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Energy East Pipeline could pose threats: report

Richard Gilbert
Energy East Pipeline could pose threats: report

The proposed Energy East Pipeline poses a threat to numerous watersheds and waterways between Hardisty, Alta. and Saint John, N.B., according to new report from the Council of Canadians.

"It simply is not worth the risk," says Maude Barlow, national chairperson of the Council of Canadians in a press release. "The sheer volume of oil – one million barrels a day – that will go through Energy East is enormous. This means that when the pipeline spills, it will seriously endanger our water sources."

The Energy East Pipeline project involves converting natural gas pipeline capacity to crude oil service in about 3,000 kilometres of TransCanada’s existing Canadian Mainline from Burstall, Sask. to Cornwall, Ontario. It also includes the construction of about 1,400 kilometres of new pipeline in Alberta, Saskatchewan, Manitoba, Quebec and New Brunswick.

The new report entitled Energy East: Where Oil Meets Water provides a snapshot of the characteristics and attributes of many waterways along Energy East’s 4,400-km path.

"The Energy East pipeline would cross some of Canada’s most precious waterways," said the report. "From drinking water sources, to valued fishing, tourist and recreational waters, to a beluga habitat and the home of the world’s largest tides in the Bay of Fundy, these unique waterways would all be in danger from a pipeline or tanker spill."

In total, the pipeline would cross at least 90 watersheds and 961 waterways along its route.

According to the report, TransCanada is aiming for a 10 minute pipeline spill response time. With the pipeline’s total capacity of 1.1 million barrels of crude per day, Energy East would transport 1,893 litres of diluted bitumen every second.

This means more than 1 million litres could be lost in 10 minutes during a spill. In addition, a huge amount of oil remaining in the pipeline between valves could also leak.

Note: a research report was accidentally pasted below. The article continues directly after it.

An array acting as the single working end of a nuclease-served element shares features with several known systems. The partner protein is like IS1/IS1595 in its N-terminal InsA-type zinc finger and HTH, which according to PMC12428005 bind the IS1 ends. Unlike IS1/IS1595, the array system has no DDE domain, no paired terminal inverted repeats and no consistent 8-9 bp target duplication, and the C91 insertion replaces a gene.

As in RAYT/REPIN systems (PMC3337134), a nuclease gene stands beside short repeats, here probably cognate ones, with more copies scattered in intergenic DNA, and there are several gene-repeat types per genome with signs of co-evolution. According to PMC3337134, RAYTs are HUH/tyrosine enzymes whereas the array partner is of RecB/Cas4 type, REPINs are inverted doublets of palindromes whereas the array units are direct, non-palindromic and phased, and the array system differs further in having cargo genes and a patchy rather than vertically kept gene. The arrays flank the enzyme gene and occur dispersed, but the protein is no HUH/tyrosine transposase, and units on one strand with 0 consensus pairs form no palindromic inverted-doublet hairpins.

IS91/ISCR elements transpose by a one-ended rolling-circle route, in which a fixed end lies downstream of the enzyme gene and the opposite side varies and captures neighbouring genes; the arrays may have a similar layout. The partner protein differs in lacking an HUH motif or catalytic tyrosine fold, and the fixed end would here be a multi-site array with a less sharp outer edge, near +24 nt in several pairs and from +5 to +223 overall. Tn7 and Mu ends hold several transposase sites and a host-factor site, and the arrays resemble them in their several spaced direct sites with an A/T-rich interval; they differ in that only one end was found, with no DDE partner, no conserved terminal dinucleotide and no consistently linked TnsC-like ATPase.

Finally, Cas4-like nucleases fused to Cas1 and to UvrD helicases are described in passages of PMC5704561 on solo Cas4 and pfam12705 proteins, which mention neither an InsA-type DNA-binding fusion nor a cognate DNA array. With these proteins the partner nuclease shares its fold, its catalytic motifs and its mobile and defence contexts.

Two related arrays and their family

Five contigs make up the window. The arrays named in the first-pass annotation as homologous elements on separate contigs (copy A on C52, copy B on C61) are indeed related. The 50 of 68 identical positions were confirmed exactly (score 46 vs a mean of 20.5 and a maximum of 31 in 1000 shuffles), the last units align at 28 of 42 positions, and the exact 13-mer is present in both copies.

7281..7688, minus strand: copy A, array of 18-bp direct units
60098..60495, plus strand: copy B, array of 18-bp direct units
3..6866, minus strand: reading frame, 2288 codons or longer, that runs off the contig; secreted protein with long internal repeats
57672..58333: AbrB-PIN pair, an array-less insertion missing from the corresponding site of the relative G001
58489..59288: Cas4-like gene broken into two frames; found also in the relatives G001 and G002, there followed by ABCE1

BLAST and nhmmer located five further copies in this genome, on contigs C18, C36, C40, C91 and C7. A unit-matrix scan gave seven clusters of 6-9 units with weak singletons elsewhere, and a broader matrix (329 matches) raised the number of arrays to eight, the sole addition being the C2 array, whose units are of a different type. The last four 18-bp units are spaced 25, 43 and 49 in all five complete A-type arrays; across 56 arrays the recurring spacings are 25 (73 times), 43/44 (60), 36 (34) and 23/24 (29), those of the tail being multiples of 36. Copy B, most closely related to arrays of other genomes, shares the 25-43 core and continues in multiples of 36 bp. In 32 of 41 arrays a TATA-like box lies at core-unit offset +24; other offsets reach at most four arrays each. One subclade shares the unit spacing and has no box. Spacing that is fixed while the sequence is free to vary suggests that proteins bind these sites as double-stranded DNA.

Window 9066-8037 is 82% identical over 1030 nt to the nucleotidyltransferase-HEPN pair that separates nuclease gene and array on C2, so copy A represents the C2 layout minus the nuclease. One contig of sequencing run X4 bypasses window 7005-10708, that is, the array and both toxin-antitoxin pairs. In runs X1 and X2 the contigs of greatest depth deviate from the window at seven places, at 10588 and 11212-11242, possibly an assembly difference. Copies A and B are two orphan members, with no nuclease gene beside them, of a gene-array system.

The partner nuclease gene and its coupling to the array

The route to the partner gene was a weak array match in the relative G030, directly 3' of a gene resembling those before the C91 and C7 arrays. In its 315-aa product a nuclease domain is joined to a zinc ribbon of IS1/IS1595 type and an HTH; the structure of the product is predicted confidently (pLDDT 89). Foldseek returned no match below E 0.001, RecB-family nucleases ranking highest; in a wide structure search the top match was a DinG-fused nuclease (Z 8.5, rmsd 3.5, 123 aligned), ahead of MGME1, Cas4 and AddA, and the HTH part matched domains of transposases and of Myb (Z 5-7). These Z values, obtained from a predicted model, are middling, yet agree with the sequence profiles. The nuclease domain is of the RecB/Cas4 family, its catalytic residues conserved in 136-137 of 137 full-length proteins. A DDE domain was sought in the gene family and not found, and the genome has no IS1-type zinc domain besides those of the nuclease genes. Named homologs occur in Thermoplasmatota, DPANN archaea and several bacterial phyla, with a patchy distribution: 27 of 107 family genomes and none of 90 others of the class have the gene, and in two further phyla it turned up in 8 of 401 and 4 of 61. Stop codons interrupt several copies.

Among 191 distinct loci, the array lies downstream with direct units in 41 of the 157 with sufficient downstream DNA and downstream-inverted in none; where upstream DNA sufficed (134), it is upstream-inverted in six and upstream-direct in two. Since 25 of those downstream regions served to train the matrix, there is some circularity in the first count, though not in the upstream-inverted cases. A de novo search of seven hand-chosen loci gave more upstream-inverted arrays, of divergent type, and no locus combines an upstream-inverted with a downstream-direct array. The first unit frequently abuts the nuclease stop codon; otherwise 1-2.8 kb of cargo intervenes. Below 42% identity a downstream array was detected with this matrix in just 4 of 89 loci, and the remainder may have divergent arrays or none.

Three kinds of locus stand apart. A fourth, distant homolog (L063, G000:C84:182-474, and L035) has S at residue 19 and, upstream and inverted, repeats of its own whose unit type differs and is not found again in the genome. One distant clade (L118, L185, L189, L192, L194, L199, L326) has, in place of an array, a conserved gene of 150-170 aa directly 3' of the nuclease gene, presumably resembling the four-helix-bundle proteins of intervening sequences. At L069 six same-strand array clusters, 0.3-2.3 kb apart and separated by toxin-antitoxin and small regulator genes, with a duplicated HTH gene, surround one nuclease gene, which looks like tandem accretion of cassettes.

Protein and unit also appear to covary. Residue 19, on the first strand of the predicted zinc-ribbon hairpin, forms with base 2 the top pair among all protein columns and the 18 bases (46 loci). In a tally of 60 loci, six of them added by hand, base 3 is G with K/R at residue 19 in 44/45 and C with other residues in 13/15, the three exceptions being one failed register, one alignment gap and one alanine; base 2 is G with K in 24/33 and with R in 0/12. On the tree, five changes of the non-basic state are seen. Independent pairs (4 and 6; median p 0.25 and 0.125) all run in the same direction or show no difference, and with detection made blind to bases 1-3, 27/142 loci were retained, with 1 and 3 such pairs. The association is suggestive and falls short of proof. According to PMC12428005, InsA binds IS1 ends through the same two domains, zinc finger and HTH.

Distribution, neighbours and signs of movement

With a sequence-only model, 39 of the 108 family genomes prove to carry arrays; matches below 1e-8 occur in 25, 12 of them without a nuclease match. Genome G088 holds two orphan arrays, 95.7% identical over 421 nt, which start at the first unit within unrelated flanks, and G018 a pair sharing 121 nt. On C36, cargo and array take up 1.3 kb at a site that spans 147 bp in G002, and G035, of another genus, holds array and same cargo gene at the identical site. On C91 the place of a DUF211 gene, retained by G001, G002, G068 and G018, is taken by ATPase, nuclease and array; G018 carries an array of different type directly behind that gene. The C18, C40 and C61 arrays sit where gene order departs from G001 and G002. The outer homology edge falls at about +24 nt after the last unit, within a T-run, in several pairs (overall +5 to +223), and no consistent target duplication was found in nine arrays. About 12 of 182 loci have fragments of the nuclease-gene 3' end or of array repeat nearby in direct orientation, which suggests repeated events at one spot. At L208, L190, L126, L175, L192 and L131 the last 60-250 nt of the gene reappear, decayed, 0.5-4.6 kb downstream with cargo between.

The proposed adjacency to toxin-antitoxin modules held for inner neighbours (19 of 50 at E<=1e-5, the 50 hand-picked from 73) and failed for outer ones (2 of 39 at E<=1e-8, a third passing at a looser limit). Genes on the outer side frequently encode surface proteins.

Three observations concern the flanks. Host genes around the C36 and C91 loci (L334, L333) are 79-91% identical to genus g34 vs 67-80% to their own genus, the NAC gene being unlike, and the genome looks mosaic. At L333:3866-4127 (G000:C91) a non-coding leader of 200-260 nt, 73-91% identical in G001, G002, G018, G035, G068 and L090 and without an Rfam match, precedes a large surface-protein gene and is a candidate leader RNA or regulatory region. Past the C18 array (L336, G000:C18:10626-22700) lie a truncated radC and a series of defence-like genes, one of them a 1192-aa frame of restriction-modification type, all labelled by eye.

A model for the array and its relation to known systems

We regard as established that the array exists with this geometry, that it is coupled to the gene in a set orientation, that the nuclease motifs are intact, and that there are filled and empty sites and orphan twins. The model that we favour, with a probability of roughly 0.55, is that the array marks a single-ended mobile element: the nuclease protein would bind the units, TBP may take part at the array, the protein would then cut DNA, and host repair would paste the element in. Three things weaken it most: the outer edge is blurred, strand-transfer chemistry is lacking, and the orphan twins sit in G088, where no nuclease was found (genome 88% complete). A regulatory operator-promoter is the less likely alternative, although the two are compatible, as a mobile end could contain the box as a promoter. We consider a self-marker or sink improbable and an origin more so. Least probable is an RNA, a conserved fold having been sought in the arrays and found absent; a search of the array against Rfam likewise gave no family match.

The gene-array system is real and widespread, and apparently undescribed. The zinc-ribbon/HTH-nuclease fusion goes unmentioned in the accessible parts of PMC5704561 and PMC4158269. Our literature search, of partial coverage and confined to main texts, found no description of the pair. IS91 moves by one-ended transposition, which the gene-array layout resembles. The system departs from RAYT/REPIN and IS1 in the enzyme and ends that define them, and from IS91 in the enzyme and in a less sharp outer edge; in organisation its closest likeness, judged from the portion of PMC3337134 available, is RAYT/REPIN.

The report argues that there is a significant lack of independent scientific data on the consequences of diluted bitumen spills in water.

For this reason, much of the limited information that is known about how diluted bitumen reacts in waterways, and the challenges in cleaning it up, comes from the experiences of the Kalamazoo and Mayflower spills.

The first major spill of diluted bitumen into a waterway occurred when an Enbridge pipeline ruptured in Michigan in July 2010.

As a result 3.8 million litres of diluted bitumen spilled and then entered the Kalamazoo River. Unlike conventional crude which floats on top of the water, much of the diluted bitumen sank to the bottom of the river, which made the cleanup efforts far more difficult.

The U.S. environmental protection agency reported that diluted bitumen contaminated close to 60 kilometres of the Kalamazoo River. Nearly four years and $1 billion later, about 20 per cent of the diluted bitumen remains at the bottom of the river.

Another spill from Exxon’s Pegasus pipeline in 2012 sent 1.59 million litres of diluted bitumen flowing through the yards and streets of a suburb in Mayflower, Arkansas.

The Pegasus pipeline was originally built to carry conventional light crude and was then converted to carry diluted bitumen. In this case, the cleanup has also proven to be extremely challenging.

The report concludes that the sheer volume of substance proposed to be pushed through the Energy East pipeline means a pipeline spill will eventually occur.

They urge the Canadian public to reject this project because it poses a serious threat to Canadian water sources. They argue that this is the only way to protect the waterways along its path across the country.

Follow Richard Gilbert on Twitter @buildingcanada.

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